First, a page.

The flowers fallen to powder, the wine swath’d in crust,
A nosegay was laid before one special chair,
And the faded blue ribbon that bound it is there.

The old man has played out his part in the scene
Wherever he now is let’s hope he’s more clean;
Yet give we a thought, free of scoffing or ban,
To that Dirty Old House and that Dirty Old Man.

(First published by Charles Dickens in Household Words, 1853)

Nathaniel Bentley, Eccentric Character & Hardwareman of Leadenhall St – the well-known Dirty Dick

Photograph of City Corner Cafe copyright © Patricia Niven

Archive pictures courtesy of Bishopsgate Institute

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17 Responses leave one →
  1. January 9, 2012

    Incredible – I’ve worked literally just around the corner from Dirty Dicks (Devonshire Square), for ten years (on and off) and never knew the back story of Dirty Dick or the building. I’ll have to pop in for a drink again soon. Also thanks for the Flower Arrangers post – another venue I knew nothing about..

    Hope to see you in Pellici’s again soon

  2. Ros permalink
    January 9, 2012

    Another piece that is so interesting, and you’ve selected the illustrations, facts, Dickens links and poem so well to go with it. I’ve passed that pub so often and now I know so much more.

  3. jeannette permalink
    January 11, 2012

    reminds me of havana.

  4. January 13, 2012

    Very enjoyable, well researched and interesting piece.
    Love the theme, love the pictures.
    Thanks eb

  5. isabella permalink
    August 13, 2012

    I love Dickens and also love the maybe connection of the link re Great Expectations and Dirty Dicks not caring after his bride died how sad.

  6. Tony Avon permalink
    March 22, 2013

    Note modern signage does not include an apostrophe in the Pub’s name. Can we draw any conclusions from this?

    Early pictures, handbills etc are wonderful btw.

  7. September 1, 2013

    I seem to remember that back in the ’60s or early ’70s there was a “lucky cat” that could be stroked with alarming results, but the minimal research I’ve done hasn’t found anything. Do you know of it?
    (I just did a radio piece on it so I hope it’s not just the result of an over-active imagination)

  8. September 1, 2013

    the link to my piece got eaten so lets see if this works

  9. Peter Webb permalink
    November 3, 2013

    Hi I know Dirty Dicks from way back in 1960’s. We used to go in there on out way to white heart lane on match days. Also my father Bert Webb was bar manager there in the 1950’s. I still have a couple of items telling story of Dick.
    Peter Webb

  10. paul Johnson permalink
    April 30, 2016

    My dad was in the army in 1947 and drank in the cellar bar and also got free food for him and his three mates in the cafe above dirty dicks then revisited it in 1960 with my mother during their honeymoon,can anyone tell me what happened to the cafe?.

  11. miss c hardy permalink
    May 3, 2017

    there was a dirty dicks in chester during 2nd world war where my mother drank with friends while working at western command.Was it copied from spitalfields ?does any one else remember the place.

  12. Dan Drogman permalink
    January 15, 2018

    In the 1970’s I was apprenticed as a compositor at the printers, Straker Brothers, next door to Dirty Dick’s – you can see the printer’s sign in some of the pictures. We used to have a drink every Friday (payday) in the downstairs ‘dive’ bar. The dead and mummified cats were still on the wall then. One of them was the ‘Lucky Cat’ which you were supposed to stroke three times for luck. On the third stroke the barman would pull a hidden wire behind the bar and the cat would ‘jump’ scaring the stroker – much to the amusement of those in the know.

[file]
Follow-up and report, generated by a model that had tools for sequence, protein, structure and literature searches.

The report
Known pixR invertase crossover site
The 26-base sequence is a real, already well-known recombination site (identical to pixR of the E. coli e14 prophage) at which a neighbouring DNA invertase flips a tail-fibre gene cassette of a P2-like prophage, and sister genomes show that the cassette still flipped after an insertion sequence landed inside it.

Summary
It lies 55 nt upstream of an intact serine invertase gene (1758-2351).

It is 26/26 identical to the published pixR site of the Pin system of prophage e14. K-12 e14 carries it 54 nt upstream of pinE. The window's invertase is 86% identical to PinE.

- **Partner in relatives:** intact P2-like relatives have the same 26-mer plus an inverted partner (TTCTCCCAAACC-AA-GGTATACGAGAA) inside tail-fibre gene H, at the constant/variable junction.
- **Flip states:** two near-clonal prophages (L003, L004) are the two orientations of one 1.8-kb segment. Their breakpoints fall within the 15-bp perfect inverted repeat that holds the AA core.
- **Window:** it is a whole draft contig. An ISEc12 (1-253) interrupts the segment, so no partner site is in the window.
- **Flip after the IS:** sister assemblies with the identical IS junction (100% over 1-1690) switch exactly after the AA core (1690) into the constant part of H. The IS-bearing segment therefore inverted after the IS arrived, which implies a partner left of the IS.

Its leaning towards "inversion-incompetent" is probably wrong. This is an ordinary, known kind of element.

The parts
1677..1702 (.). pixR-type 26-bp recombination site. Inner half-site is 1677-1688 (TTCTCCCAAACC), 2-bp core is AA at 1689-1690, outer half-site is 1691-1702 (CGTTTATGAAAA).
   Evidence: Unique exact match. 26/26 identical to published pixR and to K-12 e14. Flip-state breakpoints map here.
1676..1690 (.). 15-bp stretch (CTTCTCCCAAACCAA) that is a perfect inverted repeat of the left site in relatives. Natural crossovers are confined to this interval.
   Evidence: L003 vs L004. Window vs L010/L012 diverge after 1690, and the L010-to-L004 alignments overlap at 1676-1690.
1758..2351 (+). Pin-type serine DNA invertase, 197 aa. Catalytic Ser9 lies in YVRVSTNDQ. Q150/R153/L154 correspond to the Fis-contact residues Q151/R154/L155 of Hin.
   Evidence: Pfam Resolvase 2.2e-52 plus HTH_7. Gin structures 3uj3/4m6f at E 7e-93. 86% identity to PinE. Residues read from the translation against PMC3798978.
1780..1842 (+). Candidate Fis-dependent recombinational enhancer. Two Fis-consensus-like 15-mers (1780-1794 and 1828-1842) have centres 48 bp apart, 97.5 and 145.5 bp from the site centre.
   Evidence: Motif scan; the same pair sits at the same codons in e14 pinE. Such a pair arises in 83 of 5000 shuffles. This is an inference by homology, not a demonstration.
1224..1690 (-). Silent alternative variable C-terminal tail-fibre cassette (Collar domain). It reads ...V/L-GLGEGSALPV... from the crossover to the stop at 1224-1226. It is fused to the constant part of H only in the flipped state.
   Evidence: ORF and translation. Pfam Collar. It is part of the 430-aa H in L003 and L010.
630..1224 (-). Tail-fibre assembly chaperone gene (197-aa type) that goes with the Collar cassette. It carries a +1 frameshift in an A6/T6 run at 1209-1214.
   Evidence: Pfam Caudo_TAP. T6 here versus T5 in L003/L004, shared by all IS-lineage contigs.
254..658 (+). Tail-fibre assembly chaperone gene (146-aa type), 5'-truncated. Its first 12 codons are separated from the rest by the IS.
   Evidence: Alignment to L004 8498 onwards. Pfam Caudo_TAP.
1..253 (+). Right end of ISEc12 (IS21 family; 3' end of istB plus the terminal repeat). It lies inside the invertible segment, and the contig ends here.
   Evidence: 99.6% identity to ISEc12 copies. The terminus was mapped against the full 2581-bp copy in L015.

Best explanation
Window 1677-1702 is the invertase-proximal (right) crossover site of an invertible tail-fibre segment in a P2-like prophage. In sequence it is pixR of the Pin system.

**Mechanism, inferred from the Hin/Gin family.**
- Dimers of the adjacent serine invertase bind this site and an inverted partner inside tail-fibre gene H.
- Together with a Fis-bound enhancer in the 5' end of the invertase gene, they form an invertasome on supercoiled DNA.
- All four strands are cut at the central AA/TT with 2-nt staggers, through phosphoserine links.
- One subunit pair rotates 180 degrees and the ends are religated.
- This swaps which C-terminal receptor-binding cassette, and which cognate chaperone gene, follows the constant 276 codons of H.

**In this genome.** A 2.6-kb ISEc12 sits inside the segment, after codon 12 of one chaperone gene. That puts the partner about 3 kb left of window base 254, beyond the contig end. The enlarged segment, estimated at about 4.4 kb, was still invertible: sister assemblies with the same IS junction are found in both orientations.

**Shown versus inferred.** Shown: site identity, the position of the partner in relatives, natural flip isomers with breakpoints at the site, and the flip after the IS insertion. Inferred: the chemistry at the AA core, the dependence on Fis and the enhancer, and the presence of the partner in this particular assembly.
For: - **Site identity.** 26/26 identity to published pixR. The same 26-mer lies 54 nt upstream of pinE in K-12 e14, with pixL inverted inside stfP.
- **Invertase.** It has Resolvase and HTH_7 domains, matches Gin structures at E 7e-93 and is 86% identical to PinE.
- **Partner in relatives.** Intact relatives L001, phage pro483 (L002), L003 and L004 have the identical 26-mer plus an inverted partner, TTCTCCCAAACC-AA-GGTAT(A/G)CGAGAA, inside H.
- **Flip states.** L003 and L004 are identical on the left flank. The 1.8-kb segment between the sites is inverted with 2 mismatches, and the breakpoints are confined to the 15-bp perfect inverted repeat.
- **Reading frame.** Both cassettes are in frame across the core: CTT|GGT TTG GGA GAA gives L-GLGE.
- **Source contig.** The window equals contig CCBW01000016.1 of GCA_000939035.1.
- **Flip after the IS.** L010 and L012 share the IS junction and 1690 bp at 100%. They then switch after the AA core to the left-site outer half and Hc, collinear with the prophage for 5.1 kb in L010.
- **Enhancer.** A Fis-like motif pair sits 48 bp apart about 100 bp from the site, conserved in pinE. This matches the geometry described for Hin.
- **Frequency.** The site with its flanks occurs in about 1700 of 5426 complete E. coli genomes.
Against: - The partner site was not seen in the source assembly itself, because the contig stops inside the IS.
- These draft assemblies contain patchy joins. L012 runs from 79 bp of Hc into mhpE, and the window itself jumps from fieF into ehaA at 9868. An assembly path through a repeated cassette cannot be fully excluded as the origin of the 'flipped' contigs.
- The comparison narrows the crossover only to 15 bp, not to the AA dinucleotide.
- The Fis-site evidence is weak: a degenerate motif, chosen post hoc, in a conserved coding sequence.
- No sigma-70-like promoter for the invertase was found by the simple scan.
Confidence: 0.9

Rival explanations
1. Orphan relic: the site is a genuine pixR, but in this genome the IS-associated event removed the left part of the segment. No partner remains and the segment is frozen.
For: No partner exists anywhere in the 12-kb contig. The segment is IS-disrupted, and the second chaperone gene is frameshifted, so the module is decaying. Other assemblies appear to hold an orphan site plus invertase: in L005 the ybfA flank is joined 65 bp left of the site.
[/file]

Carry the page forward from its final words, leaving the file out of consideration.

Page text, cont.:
I had my ‘Bang Out’ (end of apprenticeship) celebratory drink in Dirty Dick’s and was so drunk on all the tots of rum that had been bought for me that when it was time to leave I got to the top of the steep staircase and passed out but was caught by my colleagues otherwise I would have fallen back to the bottom and probably wouldn’t be here to tell the tale today.
    For any ‘fashionistas’ reading this blog the shop to the right of Dirty Dick’s in one of the pictures is S & J Reiss the men’s outfitters that went on to become the Reiss fashion empire.

  13. Ian Buker permalink
    February 10, 2018

    Great article. Dirty Dicks was also the first pub I went to in London. I arrived in London from Canada in 1966 on the day England won the Worlds Cup.
    I have similiar black and white postcard to the coloured one you posted.
    Wonderful memories of the two years I spent there.e

  14. Dave Verguson permalink
    November 1, 2018

    While showing a young Czech visitor around London in 1967 we went into the cellar bar(?) at Dirty Dicks. Seeing the coins on the bar she offered a Czech coin for inclusion. If my memory serves me right, the barman hammered it on there and then. Is it still there?

  15. July 6, 2020

    Was there also a Dirty Dicks in Limehouse? I seem to remember visiting this when I first arrived in London in the early 1950’s. Chinatown then was a place where one took ‘non-Londoners’ to scare the pants off them and the Dirty Dicks I visited certainly had a frisson of danger. I was told that the dust-encrusted bottles behind the bar held the embryos of aborted babies and in mid-20th century London that was scary enough.

  16. David Waskowiak permalink
    October 3, 2021

    My father was an American bomber crew member during WWII. He was stationed at an airfield near Ipswich. Their weekend passes to London brought them first to Liverpool station. Their first stop was Dirty Dick’s. He spoke of it often.

  17. Jacqui permalink
    May 26, 2024

    I remember going into Dirty Dicks with my friend Lyn on my way to Southampton. It was quite creepy in there and I remember sawdust on the floors and dead cats up on the ceiling. There were booths for sitting down to have a drink or 2 and I pinned my photo up in one of the booths amongst hundreds of others. It was my first and last time I visited there 😀